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Judicial Activism and Judicial Restraint

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An underlying tension in the history of the United States Supreme Court has been between the principles of judicial activism and judicial restraint. In more recent American history, opposition to judicial activism has often been voiced by politicians and political commentators leaning toward the right of the political spectrum. Among these advocates for judicial restraint is currently sitting Chief Justice John Roberts, whose appointment to the bench by the George W. Bush Administration continued the Court's rightward drift from the point of the Reagan-era Rehnquist court, which saw at least the principles of judicial activism curtailed. A particularly fervent proponent of judicial restraint, the legal scholar Robert Bork, was submitted by the Reagan Administration to the bench in part for his strong opposition to judicial activism and was ultimately rejected for what many in the political arena objected to as his excessive stand on this issue. Though the judicial activism/judicial restraint debate need not be essentially political, some commentators have suggested that the increasing tendency to politicize Supreme Court decisions can make judicial activism a difficult element to extricate from the judgments. Doubts have thus been voiced as to whether the judicial activism/judicial restraint debates which have frequently been raised are at a basic level truly concerned with these issues, or if they are rather made in the spirit of opposing specific uses of judicial activism, as opposed to the practice as a whole.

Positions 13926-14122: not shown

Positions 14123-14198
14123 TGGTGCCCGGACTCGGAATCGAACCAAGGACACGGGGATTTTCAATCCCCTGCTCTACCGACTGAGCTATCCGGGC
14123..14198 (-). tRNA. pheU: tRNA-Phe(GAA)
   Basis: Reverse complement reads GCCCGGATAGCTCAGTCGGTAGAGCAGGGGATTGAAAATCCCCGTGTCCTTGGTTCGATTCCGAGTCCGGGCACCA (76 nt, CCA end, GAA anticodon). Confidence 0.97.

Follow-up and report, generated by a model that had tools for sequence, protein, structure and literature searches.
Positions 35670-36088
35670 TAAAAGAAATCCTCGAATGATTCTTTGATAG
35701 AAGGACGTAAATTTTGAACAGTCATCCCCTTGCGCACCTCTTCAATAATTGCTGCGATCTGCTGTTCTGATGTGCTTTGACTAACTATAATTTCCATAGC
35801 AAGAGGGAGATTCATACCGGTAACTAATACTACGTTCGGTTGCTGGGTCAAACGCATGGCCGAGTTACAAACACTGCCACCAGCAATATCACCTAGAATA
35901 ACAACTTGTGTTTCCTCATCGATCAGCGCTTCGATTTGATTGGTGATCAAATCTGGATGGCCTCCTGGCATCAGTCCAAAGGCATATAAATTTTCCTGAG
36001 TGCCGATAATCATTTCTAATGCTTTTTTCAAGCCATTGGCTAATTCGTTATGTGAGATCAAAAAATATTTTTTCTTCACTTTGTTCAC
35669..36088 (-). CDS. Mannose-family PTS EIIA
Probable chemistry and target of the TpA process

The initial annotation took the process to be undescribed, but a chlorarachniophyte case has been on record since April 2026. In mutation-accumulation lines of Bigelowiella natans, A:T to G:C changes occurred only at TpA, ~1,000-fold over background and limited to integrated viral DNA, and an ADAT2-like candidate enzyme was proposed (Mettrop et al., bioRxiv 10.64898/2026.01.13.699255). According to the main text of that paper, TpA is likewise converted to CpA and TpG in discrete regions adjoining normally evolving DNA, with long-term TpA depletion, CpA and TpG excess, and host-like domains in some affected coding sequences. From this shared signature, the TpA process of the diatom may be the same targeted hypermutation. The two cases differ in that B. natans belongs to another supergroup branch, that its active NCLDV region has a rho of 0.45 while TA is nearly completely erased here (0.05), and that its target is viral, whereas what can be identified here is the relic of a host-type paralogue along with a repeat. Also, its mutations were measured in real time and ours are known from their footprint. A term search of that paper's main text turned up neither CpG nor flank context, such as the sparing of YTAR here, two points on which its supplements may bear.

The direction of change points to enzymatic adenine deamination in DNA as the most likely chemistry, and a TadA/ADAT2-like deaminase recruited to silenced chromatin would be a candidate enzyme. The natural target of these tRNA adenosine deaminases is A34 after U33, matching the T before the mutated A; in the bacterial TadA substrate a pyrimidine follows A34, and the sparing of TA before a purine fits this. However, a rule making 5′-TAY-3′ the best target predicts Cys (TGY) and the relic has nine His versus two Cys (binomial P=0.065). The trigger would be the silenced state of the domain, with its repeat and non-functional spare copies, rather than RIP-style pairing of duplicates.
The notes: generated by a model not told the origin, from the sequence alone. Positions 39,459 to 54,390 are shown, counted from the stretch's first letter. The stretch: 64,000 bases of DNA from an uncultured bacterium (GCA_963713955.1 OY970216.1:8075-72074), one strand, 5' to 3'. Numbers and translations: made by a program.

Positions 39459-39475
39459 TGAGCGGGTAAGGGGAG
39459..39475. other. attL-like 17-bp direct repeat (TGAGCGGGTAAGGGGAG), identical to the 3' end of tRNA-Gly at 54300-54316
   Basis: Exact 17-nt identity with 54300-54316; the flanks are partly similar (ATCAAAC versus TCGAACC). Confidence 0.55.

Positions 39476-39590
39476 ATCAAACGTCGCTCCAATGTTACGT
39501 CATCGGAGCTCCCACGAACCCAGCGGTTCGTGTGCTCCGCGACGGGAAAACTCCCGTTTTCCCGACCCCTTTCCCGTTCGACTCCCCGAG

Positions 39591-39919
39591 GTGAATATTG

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  • Judicial Activism

    An underlying tension in the history of the United States Supreme Court has been between the principles of judicial activism and judicial restraint. In more recent American history, opposition to judicial activism has often been voiced by politicians and political commentators leaning toward the right of the political spectrum. Among these advocates for judicial restraint is currently sitting Chief Justice John Roberts, whose appointment to the bench by the George W. Bush Administration continued the Court's rightward drift from the point of the Reagan-era Rehnquist court, which saw at least the principles of judicial activism curtailed.

    A particularly fervent proponent of judicial restraint, the legal scholar Robert Bork, was submitted by the Reagan Administration to the bench in part for his strong opposition to judicial activism and was ultimately rejected for what many in the political arena objected to as his excessive stand on this issue.

    Though the judicial activism/judicial restraint debate need not be essentially political, some commentators have suggested that the increasing tendency to politicize Supreme Court decisions can make judicial activism a difficult element to extricate from the judgments. Doubts have thus been voiced as to whether the judicial activism/judicial restraint debates which have frequently been raised are at a basic level truly concerned with these issues, or if they are rather made in the spirit of opposing specific uses of judicial activism, as opposed to the practice as a whole.

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